• I think all these statements are true but not sure how it's an answer to my question. My question is: is there ever any advantage to using a formula to evaluating a security vulnerability (like the DREAD formula), compared to just having a security professional take everything into account and say, "I give this an 8 out of 10."
    – Bennett
    Oct 26, 2018 at 18:46
  • The answer is you should use a formula and evaluate based on your environment
    – Matt
    Oct 26, 2018 at 18:50
  • But that's the question: Why use a formula? Is there any evidence that this works better than just trying the security professional to assign a rating, without using a "formula"?
    – Bennett
    Oct 28, 2018 at 3:25

I think you missed the point of the formula. The usefulness is not in the final score (that's for comparison to other vulnerabilities) but in the individual scores in each area.

As a professional, if you come to me with a vulnerability and tell me "yeah, it's a score of X", that's utterly useless to me. What I want to know are the component scores. Exploitable, discoverable, with high damage? Yeah, I want to get on that today. High damage that's difficult to discover and difficult to exploit? I'll patch in the next cycle.

DREAD and CVSS gives me those. How they come up with their final score is not interesting to me, but I want to know what the experts think in each area of the score. And I'm not going to assume that I am expert enough or that I have someone working for me that is expert enough to make that call. Tell me, high, medium, low, what the vuln is in each area.

  • That sounds right, but still, same question: Is there evidence that the formula works better than just having a security expert eyeball it and make a judgment call? Of course each individual component of DREAD is important. But I would assume that when an expert looks at a vulnerability and makes an instant judgment call, all of those factors are baked in intuitively.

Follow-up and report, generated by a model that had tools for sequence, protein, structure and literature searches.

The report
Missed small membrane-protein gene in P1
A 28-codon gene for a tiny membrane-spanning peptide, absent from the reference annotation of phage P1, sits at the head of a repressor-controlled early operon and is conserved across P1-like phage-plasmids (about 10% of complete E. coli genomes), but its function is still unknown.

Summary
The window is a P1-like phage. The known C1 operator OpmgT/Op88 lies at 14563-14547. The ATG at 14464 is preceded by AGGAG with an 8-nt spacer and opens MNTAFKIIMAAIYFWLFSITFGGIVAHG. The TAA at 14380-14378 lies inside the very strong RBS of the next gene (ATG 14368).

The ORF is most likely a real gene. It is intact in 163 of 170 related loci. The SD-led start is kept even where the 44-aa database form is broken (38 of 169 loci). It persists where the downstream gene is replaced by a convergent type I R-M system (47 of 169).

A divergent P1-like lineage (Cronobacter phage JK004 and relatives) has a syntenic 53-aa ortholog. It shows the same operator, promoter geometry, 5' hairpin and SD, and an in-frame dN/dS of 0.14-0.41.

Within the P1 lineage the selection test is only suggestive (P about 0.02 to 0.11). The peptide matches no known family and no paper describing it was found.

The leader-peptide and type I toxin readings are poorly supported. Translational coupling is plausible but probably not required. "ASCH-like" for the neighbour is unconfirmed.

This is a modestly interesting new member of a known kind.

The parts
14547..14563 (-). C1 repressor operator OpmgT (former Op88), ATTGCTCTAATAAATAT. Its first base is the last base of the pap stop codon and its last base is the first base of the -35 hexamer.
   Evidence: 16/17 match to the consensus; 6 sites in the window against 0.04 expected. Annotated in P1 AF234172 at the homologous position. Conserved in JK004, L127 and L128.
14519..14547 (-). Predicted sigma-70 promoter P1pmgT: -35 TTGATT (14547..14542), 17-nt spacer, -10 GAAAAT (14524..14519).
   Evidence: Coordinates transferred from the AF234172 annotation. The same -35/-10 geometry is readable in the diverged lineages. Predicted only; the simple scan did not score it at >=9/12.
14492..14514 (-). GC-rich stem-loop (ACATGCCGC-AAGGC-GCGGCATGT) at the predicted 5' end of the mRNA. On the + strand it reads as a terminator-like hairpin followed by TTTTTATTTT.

– Bennett
    Nov 25, 2018 at 20:39
  • What evidence would suffice? It's inherently subjective and qualitative.
    – schroeder
    Nov 25, 2018 at 20:40
  • Evidence would be an experiment where: two groups of researchers consider the same vulnerability and assessing the priority of fixing it. One group applies the formula. The control group just eyeballs it. At the end, ask: In which group does there seem to be more in-group agreement? And do the groups agree with each other, on average? If the groups agree on average, that suggests the formula doesn't matter. If the formula group has less in-group agreement, then the formula isn't even helping converge on any answer, much less the correct one.
    – Bennett
    Nov 25, 2018 at 20:46
  • That process will not result in a repeatable experiment. My answer is about the uselessness of an overall score. You appear to only be concerned about the aggregate score where intuition is baked in. I say that no matter how you arrive at that score, it is meaningless.
    – schroeder
    Nov 25, 2018 at 20:51
  • I don't know how this is not a "repeatable experiment". You can always repeat the experiment with the same vulnerability, and new groups of people, the same way you'd repeat any other experiment involving people. (You could also repeat the experiment with a different vulnerability -- perhaps some vulnerabilities, by their nature, result in more agreement.) (I should have been more clear: when I say "group", I still mean that the individuals all make their assessments individually, but the grouping is for comparison. Not for making a "group decision".)
    – Bennett
    Nov 26, 2018 at 21:12